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Cauda Equina Syndrome and Decompression Surgery

In the majority of cases, Cauda Equina Syndrome (CES) will require urgent decompression surgery. This must be carried out without delay; otherwise a patient will be left with permanent health complications.

Treating Cauda Equina Syndrome

Cauda Equina Syndrome is when the nerves at the bottom of the spinal canal become compressed. There are many ways in which this can happen, although the condition can often be attributed to a traumatic accident, a herniated disc, an inflammatory disease or a tumour. Whatever the cause, it is absolutely vital medical intervention is provided as quickly as possible. Indeed, CES is considered to be a medical emergency, meaning a patient must undergo immediate treatment if normal function is to be regained.

The exact course of treatment will largely depend upon the underlying cause. For example, if a tumour is present, a patient will require further assessment before a cancer care plan is devised. However, before that happens, the primary concern is to relieve the pressure upon the nerves. This is because the longer the compression continues, the greater the damage will be. It is therefore a matter of urgency that decompression surgery is performed.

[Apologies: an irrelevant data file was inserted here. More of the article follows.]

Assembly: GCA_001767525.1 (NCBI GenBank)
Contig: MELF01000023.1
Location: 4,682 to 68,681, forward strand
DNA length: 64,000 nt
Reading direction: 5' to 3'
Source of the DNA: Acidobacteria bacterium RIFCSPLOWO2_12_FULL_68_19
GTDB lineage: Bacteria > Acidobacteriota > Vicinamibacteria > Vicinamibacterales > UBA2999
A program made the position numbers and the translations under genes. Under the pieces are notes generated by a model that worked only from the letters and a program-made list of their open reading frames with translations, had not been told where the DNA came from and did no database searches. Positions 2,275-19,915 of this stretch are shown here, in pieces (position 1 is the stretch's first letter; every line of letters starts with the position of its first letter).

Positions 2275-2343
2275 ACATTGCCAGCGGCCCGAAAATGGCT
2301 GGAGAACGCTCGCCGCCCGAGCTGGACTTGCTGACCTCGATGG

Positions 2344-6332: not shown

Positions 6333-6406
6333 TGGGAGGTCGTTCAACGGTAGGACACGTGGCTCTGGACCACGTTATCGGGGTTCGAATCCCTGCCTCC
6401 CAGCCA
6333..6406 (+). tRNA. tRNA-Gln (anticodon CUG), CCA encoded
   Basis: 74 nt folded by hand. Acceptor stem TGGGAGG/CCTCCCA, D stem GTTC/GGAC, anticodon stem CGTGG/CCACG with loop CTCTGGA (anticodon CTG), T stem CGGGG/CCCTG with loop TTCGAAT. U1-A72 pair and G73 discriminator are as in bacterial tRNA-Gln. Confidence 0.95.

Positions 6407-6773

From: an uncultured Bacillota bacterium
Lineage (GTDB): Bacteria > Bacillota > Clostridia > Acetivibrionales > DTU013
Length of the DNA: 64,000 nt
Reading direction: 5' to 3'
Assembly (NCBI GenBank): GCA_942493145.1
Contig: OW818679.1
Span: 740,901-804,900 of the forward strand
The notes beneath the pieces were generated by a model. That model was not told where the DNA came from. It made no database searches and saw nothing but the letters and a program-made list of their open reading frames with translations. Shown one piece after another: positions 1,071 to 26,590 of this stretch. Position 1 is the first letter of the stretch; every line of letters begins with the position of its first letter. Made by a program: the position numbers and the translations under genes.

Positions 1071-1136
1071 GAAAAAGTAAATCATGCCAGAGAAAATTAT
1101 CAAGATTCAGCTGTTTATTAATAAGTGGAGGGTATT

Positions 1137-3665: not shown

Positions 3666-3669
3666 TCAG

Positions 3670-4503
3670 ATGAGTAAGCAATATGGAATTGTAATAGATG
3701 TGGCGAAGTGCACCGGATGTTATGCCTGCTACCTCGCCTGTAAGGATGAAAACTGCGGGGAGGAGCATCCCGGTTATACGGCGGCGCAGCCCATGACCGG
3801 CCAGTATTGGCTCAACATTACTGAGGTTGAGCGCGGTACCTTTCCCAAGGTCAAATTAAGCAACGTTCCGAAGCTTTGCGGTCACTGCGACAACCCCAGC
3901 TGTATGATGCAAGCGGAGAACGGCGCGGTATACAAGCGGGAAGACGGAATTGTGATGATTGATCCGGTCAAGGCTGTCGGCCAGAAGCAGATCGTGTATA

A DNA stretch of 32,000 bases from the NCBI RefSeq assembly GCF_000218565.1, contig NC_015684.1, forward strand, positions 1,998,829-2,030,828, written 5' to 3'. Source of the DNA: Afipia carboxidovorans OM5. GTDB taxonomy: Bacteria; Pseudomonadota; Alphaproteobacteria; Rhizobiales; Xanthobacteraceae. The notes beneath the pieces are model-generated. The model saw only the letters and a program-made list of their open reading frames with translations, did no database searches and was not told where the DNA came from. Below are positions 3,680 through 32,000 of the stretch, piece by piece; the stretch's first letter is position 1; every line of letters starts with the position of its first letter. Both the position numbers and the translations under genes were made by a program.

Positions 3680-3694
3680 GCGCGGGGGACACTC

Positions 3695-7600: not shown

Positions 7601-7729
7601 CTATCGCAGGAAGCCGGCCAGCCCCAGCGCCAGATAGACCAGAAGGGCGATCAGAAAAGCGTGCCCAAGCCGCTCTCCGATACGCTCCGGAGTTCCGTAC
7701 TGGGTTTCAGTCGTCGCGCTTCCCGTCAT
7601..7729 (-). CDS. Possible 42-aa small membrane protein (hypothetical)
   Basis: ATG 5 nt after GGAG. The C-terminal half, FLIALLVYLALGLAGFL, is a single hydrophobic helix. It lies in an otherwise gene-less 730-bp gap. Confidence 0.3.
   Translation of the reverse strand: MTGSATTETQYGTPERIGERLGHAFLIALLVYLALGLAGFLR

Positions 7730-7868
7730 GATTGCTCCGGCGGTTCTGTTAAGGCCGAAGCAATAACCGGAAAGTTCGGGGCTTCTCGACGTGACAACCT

What does decompression surgery involve?

Decompression surgery aims to remove those structures responsible for nerve compression. Imaging tests such as an MRI scan should be arranged beforehand to help determine the exact nature of the problem. A qualified neurosurgeon should then perform the operation, taking care to alleviate the pressure being placed upon the nerves. Again, the procedure will be carried out according to the underlying cause. So if a patient has a herniated disc, the rupture must be removed in order to create space for the nerves in the spinal canal.

When should decompression surgery be performed?

Because Cauda Equina Syndrome is considered to be a medical emergency, decompression surgery must be performed at the earliest possible opportunity. There is some debate amongst experts, although it is generally accepted that surgery should be carried out within 48 hours of the onset of symptoms. Any longer than this and the outcome will be much less favourable as the nerves will already have suffered irreparable damage.

Does a delay in surgery amount to medical negligence?

If nerve damage is permanent, a patient will sadly be left with a series of serious long-term complications. These commonly include poor urinary and rectal function, sexual dysfunction and lasting pain.

However, what happens if these injuries occur as a result of medical error? For example, medical professionals may fail to make a timely diagnosis, fail to arrange further tests, fail to accurately analyse diagnostic tests or fail to arrange emergency surgery. If any of these things do happen, then medical care can be said to have fallen to a substandard level. A patient will therefore be a victim of medical negligence and will be entitled to claim compensation for the damage caused.

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